“In the short term, we will keep developing the hydra-node and the Hydra Head protocol until it becomes a solid and stable foundation for the community (and us!) to build real-world applications. These new apps will benefit from fast settling and low-to-no-cost transactions. We are also actively developing other key features, including the support of multiple heads per node, persistence, and Head protocol extensions.”

As for the medium term, he had this to say:

In the medium term, say 6-12 months, progress will greatly depend on the results of our research and experimentation, plus feedback from the developer community. We are researching ways to interconnect multiple Hydra Heads to increase the “reach” of our layer 2 solution, for example, and also testing different methods to make it easier to integrate and use Hydra. One of the most exciting visions for the long term is the development of ‘Virtual Heads’ by running the Hydra Head protocol inside Hydra Heads, thus fully utilizing the isomorphism of our Layer 2 solution. Herein lies true, theoretical limitless scalability.

Matthias Benkort Provides an Update on Hydra in February 2022

On 3 February 2022, Matthias Benkort, a member of the Hydra enginnering team at IOG, published a blog post titled “Implementing Hydra Heads: The First Step Towards the Full Hydra Vision”, in which he talked about his team’s current progress, their approach, and their “near and long-term roadmap.”

Here was Benkort’s short explanation of a Hydra Head:

A Hydra Head is a provably secure isomorphic state channel. Simply put, it is an off-chain mini-ledger between a restricted set of participants, which works similarly (albeit significantly quicker) to the on-chain main ledger.

He then used this poker analogy:

Think of Heads as ‘private poker tables’ where participants bring their own chips to play the game. Participants can play for as long as they want. If someone doesn’t play, then the game doesn’t progress. Yet, participants are still free to walk away with their chips. If they do so, the game ends with the current wealth distribution.

Source: IOG

The dealer at the table (the on-chain script) ensures that people play by the rules and don’t cheat. In the end, there are as many chips out as there were chips in, but they may have been redistributed during the course of the game. While the final result is known outside of the table, the history of all actions that happened during the game is only known to the participants.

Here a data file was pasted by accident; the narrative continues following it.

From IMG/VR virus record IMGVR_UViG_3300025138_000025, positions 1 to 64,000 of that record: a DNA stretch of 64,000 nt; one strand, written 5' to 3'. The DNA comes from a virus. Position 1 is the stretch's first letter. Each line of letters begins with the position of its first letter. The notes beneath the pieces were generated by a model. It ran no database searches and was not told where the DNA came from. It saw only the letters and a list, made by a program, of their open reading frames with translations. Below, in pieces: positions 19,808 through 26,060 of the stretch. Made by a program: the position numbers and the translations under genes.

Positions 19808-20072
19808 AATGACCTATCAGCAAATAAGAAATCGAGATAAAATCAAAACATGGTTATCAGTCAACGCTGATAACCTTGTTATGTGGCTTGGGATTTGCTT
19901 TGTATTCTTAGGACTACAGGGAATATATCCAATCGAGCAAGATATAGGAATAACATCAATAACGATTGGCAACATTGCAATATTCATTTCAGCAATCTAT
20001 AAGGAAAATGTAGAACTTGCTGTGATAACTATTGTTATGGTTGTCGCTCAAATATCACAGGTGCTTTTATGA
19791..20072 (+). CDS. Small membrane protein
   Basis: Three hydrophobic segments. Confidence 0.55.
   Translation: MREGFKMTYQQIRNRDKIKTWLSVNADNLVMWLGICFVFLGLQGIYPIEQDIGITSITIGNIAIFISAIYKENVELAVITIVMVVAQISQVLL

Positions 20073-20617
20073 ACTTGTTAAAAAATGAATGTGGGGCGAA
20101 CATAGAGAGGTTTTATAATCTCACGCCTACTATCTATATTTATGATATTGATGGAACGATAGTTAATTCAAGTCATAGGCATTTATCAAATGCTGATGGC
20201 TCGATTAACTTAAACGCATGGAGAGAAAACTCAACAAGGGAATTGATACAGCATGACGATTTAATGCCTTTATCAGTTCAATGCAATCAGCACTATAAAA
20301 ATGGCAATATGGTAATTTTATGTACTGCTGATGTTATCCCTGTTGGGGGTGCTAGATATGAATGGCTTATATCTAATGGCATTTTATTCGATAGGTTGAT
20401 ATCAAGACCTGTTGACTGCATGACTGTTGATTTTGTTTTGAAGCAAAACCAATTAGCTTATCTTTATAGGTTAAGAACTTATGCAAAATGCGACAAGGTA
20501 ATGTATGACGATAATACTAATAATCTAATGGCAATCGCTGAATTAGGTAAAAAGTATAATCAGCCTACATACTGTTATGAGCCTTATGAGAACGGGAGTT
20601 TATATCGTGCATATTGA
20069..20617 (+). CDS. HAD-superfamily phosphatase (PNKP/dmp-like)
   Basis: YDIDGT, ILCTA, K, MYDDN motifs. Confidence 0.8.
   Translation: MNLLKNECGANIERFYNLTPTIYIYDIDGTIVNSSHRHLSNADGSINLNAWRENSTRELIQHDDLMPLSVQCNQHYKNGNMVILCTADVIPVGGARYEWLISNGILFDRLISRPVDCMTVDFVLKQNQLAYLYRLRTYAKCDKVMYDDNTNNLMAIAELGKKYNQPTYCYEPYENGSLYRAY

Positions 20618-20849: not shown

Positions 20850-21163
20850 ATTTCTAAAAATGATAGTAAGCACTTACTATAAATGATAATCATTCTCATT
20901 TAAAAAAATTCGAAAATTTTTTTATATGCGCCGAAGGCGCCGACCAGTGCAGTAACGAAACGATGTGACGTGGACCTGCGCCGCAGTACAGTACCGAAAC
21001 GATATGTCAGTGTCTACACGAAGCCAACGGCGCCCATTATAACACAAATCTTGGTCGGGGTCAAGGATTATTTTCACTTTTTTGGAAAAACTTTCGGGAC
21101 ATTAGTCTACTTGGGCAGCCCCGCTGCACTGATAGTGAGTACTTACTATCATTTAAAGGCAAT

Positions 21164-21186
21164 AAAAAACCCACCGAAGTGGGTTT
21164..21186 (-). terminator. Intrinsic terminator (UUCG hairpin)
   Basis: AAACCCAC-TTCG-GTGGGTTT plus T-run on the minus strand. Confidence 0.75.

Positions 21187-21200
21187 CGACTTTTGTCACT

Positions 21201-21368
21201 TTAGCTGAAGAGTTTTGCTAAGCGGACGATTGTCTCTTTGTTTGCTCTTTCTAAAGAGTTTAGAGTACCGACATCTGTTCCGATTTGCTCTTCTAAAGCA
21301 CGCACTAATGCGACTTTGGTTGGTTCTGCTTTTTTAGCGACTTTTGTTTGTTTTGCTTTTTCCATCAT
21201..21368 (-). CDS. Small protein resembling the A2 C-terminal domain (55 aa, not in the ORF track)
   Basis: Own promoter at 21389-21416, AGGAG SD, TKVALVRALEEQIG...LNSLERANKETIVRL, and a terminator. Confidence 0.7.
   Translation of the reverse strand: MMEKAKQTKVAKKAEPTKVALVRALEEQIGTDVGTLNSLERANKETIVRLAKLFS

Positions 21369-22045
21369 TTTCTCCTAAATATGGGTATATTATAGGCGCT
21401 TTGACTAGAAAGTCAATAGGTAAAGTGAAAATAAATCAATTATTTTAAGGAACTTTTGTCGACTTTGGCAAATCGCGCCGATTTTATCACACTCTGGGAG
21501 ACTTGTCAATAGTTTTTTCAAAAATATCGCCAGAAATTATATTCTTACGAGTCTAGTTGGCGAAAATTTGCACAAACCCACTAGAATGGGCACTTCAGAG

As for their roadmap, here is what Benkort had to say:

This is why we are developing Hydra Head as an open-source GitHub project, starting with an early proof of concept last year. Aiming for a regular and frequent release cadence, we released our initial developer preview in September (0.1.0) followed by a second iteration (0.2.0) before Christmas. The next increment (0.3.0) is coming up in February. We follow semantic versioning and each of those pre-releases (0.x.0) adds features that will be available to our partners and early adopters to test out on private and public Cardano testnet(s).

Charles Hoskinson Congratulates the Hydra Team

On Tuesday (March 15), IOG Co-Founder and CEO Charles Hoskinson congratulated the Hydra team for achieving the important milestone of opening the first Hydra Head on the public testnet of Cardano:

IOG Developer “KtorZ” Answers Questions About Hydra Heads in March 2022

Yesterday, one member of the Hydra team kindly took to Twitter to explain what a Hydra Head and went on to answer questions from the crypto community:

When asked about use cases, he wrote:

Oracles, games, pay-per-use API, private payment channels, off-chain conflict resolutions, copyright management…

As for the question “Can hydra heads communicate with each other (like with lightning network)?”, he replied:

Not _yet_ and not in the immediate future. This is however definitely on our roadmap! We gotta start somewhere however, so we’ll get there, one step at the time.

He also pointed out that anyone can create their own Hydra head and that although the changes coming in the next hard fork enhance Hydra’s functionality, it is still able to work (with limitations) without them:

Hydra does not change the layer 1 ledger rules no; it has its own rules. A head would typically use the same rules, but some customization is possible… it means that anyone can create its own Hydra head indeed. That’s the point! There’s no one global head…

As for, does it require a hard-fork; yes and no. Hydra can work without hard-fork, but with limitations. Since it’s a DApp though, it also benefits from all the good stuff coming for Plutus (reference inputs, reference scripts, inline datums, protocol params updates…)!


The views and opinions expressed by the author, or any people mentioned in this article, are for informational purposes only, and they do not constitute financial, investment, or other advice. Investing in or trading cryptoassets comes with a risk of financial loss.